Following the election assembly, the Union of Kosovo Tarikats issued a joint statement in which amongst other things, it expressed a wish to cooperate with institutions; “the Union of Tarikats especially wants to work together with institutions in Kosovo in building a society without prejudice, which we know as racism, ethnic hatred, misogyny and Islamophobia, Sufi-phobia, and other exclusive forms that undermine trust and understanding in society”. As a result of this statement, several influential online media such as “Gazeta Express” and “Insajderi” claimed in their headlines regarding this news, that this religious community advocates same-sex marriage. The headline reads: “The first religious community to support same-sex marriage”. This inaccurate headline, also published on their Facebook page, provoked mostly negative comments in which various individuals used hate speech aimed at the Union of Kosovo Tarikats and the LGBTQ+ community. The Secretary of the Union, Sheh Lulzim Shehu told several media outlets that same-sex marriages are decided by the state, and that this issue should be resolved by law, but that they are against homophobia.
The Union of Kosovo Tarikats has around 250,000 believers, and the general public considers the dervishes members of the Islamic religion. However, the Union has refused to be part of the Islamic community of Kosovo. Unlike the three largest religious communities in Kosovo (Islamic, Catholic and Orthodox) which openly oppose same-sex marriage and the LGBTQ+ community in general, believing them to be dangerous to the future of mankind, the Union of Kosovo Tarikats have very different, more liberal ideas and attitudes on these topics.
This case is an example of the news fully taken out of its original context, resultingd in hate speech and narratives targeting various communities and individuals. The media has a duty to report factually and accurately, especially when the news has an effect on marginalised groups in society.
Sexism in Albania and Montenegro
In the feature by Top Channel on the rising number of divorces in Albania, divorce lawyer Vjollca Pustina argued that women are becoming initiators of divorces in most cases as “they can no longer stand being violated by their spouses”. The economic independence of women was also listed as another factor and contributor to the rising divorce rates. The headline read “Why is the number of divorces increasing? The lawyer: women can no longer stand violence”.
The framing of the statement, as well as the headline provided by Top Channel, are prime examples of victim blaming. Divorce is seen as a social problem, and in Albania is often still seen by many as ‘scandalous’. However, the real social problem lies in the gendered abuse and violence, which should be considered as a much more serious issue than simply a factor in divorce rates. Such headlines and statements divert attention from the true, root cause of the issue. Many women are victims of domestic violence and abuse, and so offering a platform to narratives suggesting it is simply a factor in divorce rates rather than an issue of concern in itself is a problematic approach to the topic.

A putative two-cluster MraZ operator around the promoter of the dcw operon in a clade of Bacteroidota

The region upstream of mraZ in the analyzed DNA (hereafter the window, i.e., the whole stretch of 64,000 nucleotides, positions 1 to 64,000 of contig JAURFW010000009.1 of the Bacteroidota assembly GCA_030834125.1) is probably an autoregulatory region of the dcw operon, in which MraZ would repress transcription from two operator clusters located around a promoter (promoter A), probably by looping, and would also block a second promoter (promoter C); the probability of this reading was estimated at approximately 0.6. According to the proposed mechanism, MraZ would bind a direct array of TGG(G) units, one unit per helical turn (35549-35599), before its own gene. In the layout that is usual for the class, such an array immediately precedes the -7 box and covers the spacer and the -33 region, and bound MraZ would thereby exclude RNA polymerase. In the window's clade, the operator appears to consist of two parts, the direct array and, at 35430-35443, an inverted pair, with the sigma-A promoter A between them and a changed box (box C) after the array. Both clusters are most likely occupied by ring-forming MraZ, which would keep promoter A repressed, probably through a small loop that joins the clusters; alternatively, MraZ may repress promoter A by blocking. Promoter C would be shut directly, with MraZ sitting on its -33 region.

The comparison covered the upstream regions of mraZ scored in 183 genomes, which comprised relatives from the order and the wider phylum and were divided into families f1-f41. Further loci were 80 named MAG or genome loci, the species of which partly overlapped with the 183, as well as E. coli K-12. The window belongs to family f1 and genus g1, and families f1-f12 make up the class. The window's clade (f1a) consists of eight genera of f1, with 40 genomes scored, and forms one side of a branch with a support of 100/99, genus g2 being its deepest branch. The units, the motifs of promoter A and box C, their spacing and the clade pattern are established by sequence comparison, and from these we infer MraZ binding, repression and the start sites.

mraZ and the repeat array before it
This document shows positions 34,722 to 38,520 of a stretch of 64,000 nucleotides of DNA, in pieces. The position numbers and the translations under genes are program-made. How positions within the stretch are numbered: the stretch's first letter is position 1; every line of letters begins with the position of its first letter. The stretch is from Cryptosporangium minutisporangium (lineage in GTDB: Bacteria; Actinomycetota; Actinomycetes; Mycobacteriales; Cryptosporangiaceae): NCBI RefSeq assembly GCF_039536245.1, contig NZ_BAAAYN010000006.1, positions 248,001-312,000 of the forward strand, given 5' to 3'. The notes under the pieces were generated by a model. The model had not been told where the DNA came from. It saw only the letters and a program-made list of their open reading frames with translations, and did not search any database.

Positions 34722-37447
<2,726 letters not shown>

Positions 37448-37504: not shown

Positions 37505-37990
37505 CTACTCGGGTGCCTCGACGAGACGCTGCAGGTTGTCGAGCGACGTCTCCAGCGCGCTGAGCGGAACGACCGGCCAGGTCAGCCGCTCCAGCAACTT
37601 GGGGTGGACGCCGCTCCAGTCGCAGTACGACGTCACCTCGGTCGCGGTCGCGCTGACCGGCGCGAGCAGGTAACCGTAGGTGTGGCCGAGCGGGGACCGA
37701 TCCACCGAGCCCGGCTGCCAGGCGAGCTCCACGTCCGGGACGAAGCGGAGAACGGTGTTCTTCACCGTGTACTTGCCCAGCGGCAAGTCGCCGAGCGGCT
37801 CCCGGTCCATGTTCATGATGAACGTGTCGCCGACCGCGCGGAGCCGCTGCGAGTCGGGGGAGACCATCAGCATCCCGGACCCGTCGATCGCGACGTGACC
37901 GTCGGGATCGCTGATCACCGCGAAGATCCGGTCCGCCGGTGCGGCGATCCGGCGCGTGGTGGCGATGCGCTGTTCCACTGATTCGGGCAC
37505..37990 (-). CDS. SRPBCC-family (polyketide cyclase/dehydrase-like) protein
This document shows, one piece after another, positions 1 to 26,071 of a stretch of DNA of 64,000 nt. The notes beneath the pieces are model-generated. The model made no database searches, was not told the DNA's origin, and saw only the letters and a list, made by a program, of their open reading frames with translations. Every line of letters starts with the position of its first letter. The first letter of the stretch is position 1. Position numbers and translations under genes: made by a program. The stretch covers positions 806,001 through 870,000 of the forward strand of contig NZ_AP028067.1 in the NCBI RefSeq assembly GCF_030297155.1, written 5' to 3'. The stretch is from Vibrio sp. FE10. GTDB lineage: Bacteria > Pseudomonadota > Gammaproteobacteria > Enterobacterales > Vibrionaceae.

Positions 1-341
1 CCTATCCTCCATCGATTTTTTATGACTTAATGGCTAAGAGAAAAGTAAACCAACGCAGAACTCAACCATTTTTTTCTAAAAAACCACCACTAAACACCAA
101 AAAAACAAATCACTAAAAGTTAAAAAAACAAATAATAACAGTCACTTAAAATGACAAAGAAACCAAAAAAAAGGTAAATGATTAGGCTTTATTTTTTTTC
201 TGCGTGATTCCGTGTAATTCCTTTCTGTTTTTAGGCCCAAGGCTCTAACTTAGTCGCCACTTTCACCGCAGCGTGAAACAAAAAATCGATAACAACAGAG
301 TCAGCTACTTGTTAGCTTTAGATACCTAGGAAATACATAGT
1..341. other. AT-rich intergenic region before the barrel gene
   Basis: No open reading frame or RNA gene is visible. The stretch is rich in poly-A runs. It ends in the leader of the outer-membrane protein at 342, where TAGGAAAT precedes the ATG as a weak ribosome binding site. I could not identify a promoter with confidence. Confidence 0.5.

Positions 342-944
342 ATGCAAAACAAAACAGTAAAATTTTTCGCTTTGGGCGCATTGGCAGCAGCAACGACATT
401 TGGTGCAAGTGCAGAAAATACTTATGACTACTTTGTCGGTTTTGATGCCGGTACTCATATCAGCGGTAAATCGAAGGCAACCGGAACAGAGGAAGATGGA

In Montenegro, the MP of the opposition Democratic Party of Socialists, Dragica Sekulić, was a victim of brutal insults as a result of a Twitter post where she criticised the measures of the Minister of Economic Development Jakov Milatović, who suggested that every new-born in a municipality with negative natural growth should receive one thousand euros and with positive natural growth, 500 euros. At that time, Milatović held a meeting with the Metropolitan of the Serbian Orthodox Church in Montenegro, Joanikije.
Sekulić stated on Twitter that “if you choose to give birth in a certain municipality, you will receive 500 or 1,000 euros, with the blessing of the priest. Is it worth it?” in reference to that meeting. Following her post, Sekulić was attacked with vulgar insults on the basis of her gender on the Facebook page of the portal I Love Podgorica, which published her tweet. Nearly 400 comments, dominated by hate speech, are still on the site.
The attacks on Sekulić were condemned by almost all of the opposition parties, as well as non-governmental organisations and members of the Montenegrin parliament, with appeals to the authorities to react urgently.
This case has an interesting follow up, as MP Sekulić has announced lawsuits against authors of 381 online comments as well as the portal I Love Podgorica because they did not remove the comments fast enoughThis could set a precedentin the sense of extending the editorial responsibility on social media.
This case sparked debates about free speech, which is a continuous struggle for the legal system as well as other institutions charged withits supervision. In addition, there is discussion about the privileged position of public figures compared to private individuals, who would rarely be able to initiate such legal response.